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Selchonok Olena



How did you experience war in 2014? What do you remember from that? How old were you? How did 2014-2015 go for you?
Please tell this story in detail.

I don't remember much from 2014, but from that date on, russia became an enemy country for me. Our city was occupied for several days back then. I still remember the fear of the occupation, although our city was somewhat lucky - there were no murders or tortures, but there was tension, we waited impatiently to get freed. And we did. Our city was on the verge of two fires - both the occupiers and the Armed Forces were shooting through it. In the days when our region was liberated, we sat in the basement and heard how Lysychansk was getting bombed. It was scary, but still, we were rescued. And for the first time in a month we went to nearby Lysychansk for groceries, since almost all the shops in our town got looted by the occupiers. When we were walking through Lysychansk, there were still Ukrainian soldiers there. I still remember the moment when I an armored personnel carrier was passing, there were Ukrainian flags on it, and a military man in uniform was sitting on top, and my mother and I started waving to him as a sign of greeting, and he answered us with the same gestures, we were happy to see each other, although neither we knew him, nor he us. The feeling is indescribable, the feeling that we have been liberated and this horror is finally over for us. I was 18 years old then, and I didn't know back then that I would become an artist.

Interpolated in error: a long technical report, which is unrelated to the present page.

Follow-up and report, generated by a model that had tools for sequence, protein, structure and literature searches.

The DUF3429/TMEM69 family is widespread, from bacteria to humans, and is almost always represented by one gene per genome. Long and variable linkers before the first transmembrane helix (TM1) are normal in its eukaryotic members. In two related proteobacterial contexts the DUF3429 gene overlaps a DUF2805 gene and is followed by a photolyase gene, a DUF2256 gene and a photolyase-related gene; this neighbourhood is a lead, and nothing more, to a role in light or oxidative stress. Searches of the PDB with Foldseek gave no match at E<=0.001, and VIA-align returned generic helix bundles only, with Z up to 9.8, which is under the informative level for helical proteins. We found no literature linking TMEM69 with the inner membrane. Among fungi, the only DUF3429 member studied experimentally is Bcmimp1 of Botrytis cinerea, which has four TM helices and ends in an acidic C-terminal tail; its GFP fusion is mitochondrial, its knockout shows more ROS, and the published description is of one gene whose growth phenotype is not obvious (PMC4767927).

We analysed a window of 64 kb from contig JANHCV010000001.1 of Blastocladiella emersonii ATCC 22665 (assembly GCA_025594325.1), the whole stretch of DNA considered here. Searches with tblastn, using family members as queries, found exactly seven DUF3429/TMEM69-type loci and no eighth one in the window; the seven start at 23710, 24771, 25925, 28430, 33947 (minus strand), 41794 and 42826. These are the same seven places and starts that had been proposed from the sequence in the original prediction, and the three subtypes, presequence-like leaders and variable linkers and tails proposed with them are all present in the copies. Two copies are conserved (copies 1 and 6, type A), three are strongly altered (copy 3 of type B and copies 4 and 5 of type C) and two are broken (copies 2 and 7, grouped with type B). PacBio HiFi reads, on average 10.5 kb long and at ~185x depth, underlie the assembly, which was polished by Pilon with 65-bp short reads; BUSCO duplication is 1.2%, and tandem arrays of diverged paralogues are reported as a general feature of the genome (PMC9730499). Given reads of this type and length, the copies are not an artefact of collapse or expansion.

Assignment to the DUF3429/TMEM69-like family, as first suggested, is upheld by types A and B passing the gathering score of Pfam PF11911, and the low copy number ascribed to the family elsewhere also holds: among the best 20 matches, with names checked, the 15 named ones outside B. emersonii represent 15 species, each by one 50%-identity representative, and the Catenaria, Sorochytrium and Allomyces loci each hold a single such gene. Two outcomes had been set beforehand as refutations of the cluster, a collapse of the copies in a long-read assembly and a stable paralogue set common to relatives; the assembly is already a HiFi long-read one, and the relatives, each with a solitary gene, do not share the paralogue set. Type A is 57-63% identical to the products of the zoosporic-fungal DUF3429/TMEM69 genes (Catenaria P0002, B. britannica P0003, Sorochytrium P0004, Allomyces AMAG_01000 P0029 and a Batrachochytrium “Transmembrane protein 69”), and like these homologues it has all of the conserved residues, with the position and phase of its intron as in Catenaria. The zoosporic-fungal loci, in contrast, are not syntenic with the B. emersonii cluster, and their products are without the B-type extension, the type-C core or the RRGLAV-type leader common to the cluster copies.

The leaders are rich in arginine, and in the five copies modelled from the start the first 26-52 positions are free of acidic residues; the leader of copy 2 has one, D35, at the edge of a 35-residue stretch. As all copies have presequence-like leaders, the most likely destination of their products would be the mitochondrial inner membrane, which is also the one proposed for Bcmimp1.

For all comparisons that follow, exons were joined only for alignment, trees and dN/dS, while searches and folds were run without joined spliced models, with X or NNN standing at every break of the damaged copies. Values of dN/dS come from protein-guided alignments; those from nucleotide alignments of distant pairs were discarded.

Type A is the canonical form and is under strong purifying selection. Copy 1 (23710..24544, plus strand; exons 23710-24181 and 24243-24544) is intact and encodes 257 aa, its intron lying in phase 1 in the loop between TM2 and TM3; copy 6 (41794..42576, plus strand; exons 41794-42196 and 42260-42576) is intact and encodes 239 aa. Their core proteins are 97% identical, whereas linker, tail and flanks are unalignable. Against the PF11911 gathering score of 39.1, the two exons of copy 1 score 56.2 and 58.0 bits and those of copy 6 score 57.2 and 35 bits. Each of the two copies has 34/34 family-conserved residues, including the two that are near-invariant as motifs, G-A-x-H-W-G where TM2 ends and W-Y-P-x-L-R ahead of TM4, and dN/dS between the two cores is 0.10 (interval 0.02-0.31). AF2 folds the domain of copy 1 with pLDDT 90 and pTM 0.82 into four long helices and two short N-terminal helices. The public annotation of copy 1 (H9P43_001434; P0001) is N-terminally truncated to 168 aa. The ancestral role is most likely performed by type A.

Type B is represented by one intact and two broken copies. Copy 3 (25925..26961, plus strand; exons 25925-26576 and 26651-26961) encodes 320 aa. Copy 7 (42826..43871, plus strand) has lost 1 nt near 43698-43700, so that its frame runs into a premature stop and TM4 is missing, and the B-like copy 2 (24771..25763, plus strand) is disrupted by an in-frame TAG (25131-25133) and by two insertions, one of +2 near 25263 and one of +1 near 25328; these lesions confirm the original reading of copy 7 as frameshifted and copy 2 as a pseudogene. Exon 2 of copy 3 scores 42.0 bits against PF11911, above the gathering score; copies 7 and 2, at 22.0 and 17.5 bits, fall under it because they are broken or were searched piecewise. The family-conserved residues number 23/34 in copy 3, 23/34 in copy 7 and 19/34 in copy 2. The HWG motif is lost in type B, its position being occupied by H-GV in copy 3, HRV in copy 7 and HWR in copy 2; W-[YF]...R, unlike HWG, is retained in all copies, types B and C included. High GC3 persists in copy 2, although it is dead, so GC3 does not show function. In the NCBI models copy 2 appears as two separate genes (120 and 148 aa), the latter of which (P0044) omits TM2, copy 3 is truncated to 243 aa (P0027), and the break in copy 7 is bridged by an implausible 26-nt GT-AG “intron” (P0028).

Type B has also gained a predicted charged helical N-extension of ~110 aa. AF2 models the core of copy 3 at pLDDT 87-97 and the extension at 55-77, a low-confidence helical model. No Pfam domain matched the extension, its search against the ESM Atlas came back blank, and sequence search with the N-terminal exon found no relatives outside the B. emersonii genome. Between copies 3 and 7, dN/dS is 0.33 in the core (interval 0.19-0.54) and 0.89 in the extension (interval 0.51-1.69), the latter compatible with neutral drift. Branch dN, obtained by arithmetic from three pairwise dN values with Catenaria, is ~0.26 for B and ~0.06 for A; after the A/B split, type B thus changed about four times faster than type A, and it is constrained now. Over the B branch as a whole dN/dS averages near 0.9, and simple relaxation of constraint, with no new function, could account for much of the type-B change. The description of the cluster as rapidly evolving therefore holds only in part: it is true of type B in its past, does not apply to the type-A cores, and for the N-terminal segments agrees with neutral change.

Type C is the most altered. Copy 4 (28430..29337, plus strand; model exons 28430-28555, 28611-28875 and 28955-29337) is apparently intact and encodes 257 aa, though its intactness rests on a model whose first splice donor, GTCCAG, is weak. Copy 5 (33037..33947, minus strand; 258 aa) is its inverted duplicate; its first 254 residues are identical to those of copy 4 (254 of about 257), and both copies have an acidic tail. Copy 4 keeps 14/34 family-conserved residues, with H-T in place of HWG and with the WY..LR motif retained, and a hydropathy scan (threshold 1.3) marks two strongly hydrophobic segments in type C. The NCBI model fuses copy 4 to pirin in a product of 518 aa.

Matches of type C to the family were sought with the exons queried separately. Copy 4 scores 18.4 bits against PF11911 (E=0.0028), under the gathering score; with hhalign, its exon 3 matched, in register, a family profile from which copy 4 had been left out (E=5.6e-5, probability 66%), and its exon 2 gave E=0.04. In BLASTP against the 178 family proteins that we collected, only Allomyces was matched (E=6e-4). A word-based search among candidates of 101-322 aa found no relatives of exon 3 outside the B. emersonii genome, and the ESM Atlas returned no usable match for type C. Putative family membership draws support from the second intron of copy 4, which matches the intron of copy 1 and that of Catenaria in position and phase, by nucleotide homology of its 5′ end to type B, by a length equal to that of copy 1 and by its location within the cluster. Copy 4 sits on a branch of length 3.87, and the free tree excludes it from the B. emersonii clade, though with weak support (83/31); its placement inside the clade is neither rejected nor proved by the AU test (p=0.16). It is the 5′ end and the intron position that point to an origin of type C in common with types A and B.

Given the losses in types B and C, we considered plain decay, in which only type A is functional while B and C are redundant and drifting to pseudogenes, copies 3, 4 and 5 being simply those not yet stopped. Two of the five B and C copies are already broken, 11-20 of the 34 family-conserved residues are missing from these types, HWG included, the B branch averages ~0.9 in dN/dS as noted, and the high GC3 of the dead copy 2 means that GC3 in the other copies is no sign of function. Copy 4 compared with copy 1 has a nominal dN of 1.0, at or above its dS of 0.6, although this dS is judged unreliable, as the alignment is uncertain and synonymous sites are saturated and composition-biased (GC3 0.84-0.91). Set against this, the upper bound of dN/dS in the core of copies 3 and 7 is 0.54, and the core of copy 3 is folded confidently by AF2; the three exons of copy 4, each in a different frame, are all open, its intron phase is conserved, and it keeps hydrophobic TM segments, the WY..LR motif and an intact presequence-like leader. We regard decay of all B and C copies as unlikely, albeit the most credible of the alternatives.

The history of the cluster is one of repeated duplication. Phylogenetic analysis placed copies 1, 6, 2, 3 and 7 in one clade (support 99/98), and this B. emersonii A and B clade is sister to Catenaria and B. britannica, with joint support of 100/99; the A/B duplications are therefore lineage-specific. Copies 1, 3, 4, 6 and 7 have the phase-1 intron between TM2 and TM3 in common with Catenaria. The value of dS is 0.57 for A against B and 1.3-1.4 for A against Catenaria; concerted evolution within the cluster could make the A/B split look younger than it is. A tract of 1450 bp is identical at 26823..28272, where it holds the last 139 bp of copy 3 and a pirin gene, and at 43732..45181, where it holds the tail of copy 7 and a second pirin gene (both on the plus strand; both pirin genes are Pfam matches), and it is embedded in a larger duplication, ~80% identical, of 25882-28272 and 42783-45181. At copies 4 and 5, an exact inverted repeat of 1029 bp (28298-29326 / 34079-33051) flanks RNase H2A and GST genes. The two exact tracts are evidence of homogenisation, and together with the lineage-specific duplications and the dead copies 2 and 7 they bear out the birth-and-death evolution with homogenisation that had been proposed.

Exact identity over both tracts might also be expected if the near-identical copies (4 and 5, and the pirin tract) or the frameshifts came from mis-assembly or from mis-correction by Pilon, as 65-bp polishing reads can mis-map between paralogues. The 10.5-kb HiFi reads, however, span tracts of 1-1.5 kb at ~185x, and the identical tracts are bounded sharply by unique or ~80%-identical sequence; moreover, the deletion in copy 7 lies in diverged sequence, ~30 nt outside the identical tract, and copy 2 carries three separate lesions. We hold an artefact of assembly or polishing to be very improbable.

"Where were you these 8 years?".
How has this time passed for you, what changed in your life since the events of 2014?
What has influenced you the most during this time?
Please write in detail.

From that moment on, I realized that I had to get rid of everything that connects me to russia: I deleted all of russian social media, stopped watching movies with russian translation, and still look at the manufacturer when buying things in stores - I don't buy russian made products. But if it weren't for the war in 2014, I wouldn't have entered the Luhansk College of Culture and Arts, which back then moved to Kreminna. So I studied to be an art pedagogue, and after completing my studies I found a job as an art teacher at a local school. I worked, painted, sold my works. If someone had bought them, I would spend part of that money on the needs of the Armed Forces, because the war was still going on, even far from our city, its presence could still be felt. About a year ago, I was invited to a new platform to sell called NFT, and I gladly accepted (although I had no idea what it was at the time, I figured it out later). And I started selling my works digitally. I still donate part of the funds from my sales to the needs of the Armed Forces.

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What was February 24, 2022 for you like?
Did you believe that a full-scale offensive would begin?Where are you now? What do you do?

What do you think about your future now?